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Decay   Listen
verb
Decay  v. t.  
1.
To cause to decay; to impair. (R.) "Infirmity, that decays the wise."
2.
To destroy. (Obs.)






Collaborative International Dictionary of English 0.48








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"Decay" Quotes from Famous Books



... o'clock on a November day. The autumn was late, and of a marvellous beauty. The month was a third gone and still there were trees here and there, isolated trees, intensely green as though they defied decay. The elder trees, the first to leaf under the Spring, were now the last to wither. The elms in twenty-four hours had turned a pale gold atop, while all below was still round and green. But the beeches were nearly gone; all that remained of them was a thin pattern of separate leaves, pale ...
— Delia Blanchflower • Mrs. Humphry Ward

... declared: "These wretched children romping in my park Trample the herbage till the soil is bared, And yap and yell from early morn till dark! Go keep them harnessed to their set routines: Thank God I've none to hasten my decay; For green remembrance there are better means Than offspring, who but ...
— Late Lyrics and Earlier • Thomas Hardy

... of native houses and heiaus (temples). Pandanus trees, with roots like stilts or props that lifted them two or three feet from the ground, grew inside the deserted enclosures: long grass waved from the chinks and crevices. It was a mournful reminder of the decay of the Hawaiian race. Just beyond the ruined village a sluggish creek flowed into the sea. At the mouth of the valley whence it issued stood two or three native huts. A man wearing a malo was up on the roof of one, thatching it with grass. Riding near, we hailed him and inquired ...
— Lippincott's Magazine of Popular Literature and Science, Vol. 26, October, 1880 • Various

... be left to decay? The road Napoleon made! Why is it to be given up? I never saw a better road in ...
— Chatterbox, 1905. • Various

... has believed that he has given it a basis; morality itself, however, has been regarded as something "given." How far from their awkward pride was the seemingly insignificant problem—left in dust and decay—of a description of forms of morality, notwithstanding that the finest hands and senses could hardly be fine enough for it! It was precisely owing to moral philosophers' knowing the moral facts imperfectly, ...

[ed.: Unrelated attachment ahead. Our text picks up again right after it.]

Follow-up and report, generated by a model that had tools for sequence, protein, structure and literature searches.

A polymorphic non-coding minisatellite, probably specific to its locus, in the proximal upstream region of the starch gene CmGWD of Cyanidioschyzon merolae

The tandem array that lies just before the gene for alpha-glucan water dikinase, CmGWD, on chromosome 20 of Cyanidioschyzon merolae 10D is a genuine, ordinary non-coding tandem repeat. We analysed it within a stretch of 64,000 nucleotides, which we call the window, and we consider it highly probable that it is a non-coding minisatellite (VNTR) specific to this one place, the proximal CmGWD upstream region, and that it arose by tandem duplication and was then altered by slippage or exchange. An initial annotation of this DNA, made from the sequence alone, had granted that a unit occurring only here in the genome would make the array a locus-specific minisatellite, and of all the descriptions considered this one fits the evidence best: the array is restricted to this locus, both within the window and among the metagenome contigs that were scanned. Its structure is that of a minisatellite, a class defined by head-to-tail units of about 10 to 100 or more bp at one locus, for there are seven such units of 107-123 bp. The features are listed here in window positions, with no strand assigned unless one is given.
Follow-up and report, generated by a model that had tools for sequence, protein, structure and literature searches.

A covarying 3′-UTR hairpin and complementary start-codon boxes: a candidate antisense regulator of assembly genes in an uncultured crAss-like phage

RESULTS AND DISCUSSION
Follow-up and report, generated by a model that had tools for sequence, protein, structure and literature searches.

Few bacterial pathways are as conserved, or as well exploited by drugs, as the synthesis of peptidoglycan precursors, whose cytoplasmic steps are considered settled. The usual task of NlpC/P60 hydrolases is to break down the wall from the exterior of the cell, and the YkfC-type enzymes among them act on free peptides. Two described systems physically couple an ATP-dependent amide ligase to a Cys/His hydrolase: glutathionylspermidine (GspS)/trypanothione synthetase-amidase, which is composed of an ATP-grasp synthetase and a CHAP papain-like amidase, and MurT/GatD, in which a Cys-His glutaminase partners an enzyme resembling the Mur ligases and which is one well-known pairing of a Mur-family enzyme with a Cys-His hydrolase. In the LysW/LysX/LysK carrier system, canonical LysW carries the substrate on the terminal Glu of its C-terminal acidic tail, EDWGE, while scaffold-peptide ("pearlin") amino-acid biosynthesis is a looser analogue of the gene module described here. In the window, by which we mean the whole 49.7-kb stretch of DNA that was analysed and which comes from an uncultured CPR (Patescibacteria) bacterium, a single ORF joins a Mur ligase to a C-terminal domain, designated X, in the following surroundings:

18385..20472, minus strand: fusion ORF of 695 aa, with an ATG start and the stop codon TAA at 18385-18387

— Beyond Good and Evil • Friedrich Nietzsche

... opposite, as though at a lamp which did not burn as well as it used to do. In the dusty golden light she was like a figure in a tapestry. Perhaps in its early days it had been a trifle crude, a trifle harsh in colour, but now worn and threadbare, trembling on decay, it had attained a ...
— The Dark House • I. A. R. Wylie

... sailing, till the sun went down and all was utter dark. And then the moon arose, and in a moment John Oxenham's ship was close aboard; her sails were torn and fluttering; the pitch was streaming from her sides; her bulwarks were rotting to decay. And what was that line of dark objects dangling along the mainyard?—A line of hanged men! And, horror of horrors, from the yard-arm close above him, John Oxenham's corpse looked down with grave-light eyes, and beckoned and pointed, as if to show him his way, and strove to speak, and could ...
— Westward Ho! • Charles Kingsley

... provincial establishments. It was alledged, that the want of early instruction was one of the chief sources of impiety and immorality, and if they continued any longer to neglect the rising generation, piety and Christianity would insensibly decay, and they would soon have a race of white people in the country equally ignorant as the brown Indians. Animated by the example, and assisted by the generosity of their Governor, the colonials therefore in good earnest engaged in providing seminaries for the religious education ...
— An Historical Account Of The Rise And Progress Of The Colonies Of South Carolina And Georgia, Volume 1 • Alexander Hewatt

... of William II continues to develop its series of eccentricities. With him, one may be sure of incurring displeasure, but his favours are shortlived. His mania for change is manifested to a degree unexampled since the days of the decay of the Roman Empire. His freakishness, the suddenness of his impulses, are becoming enough to create dismay amongst all those who approach him. One day he will suddenly start off to take by surprise the garrisons of Potsdam and of ...
— The Schemes of the Kaiser • Juliette Adam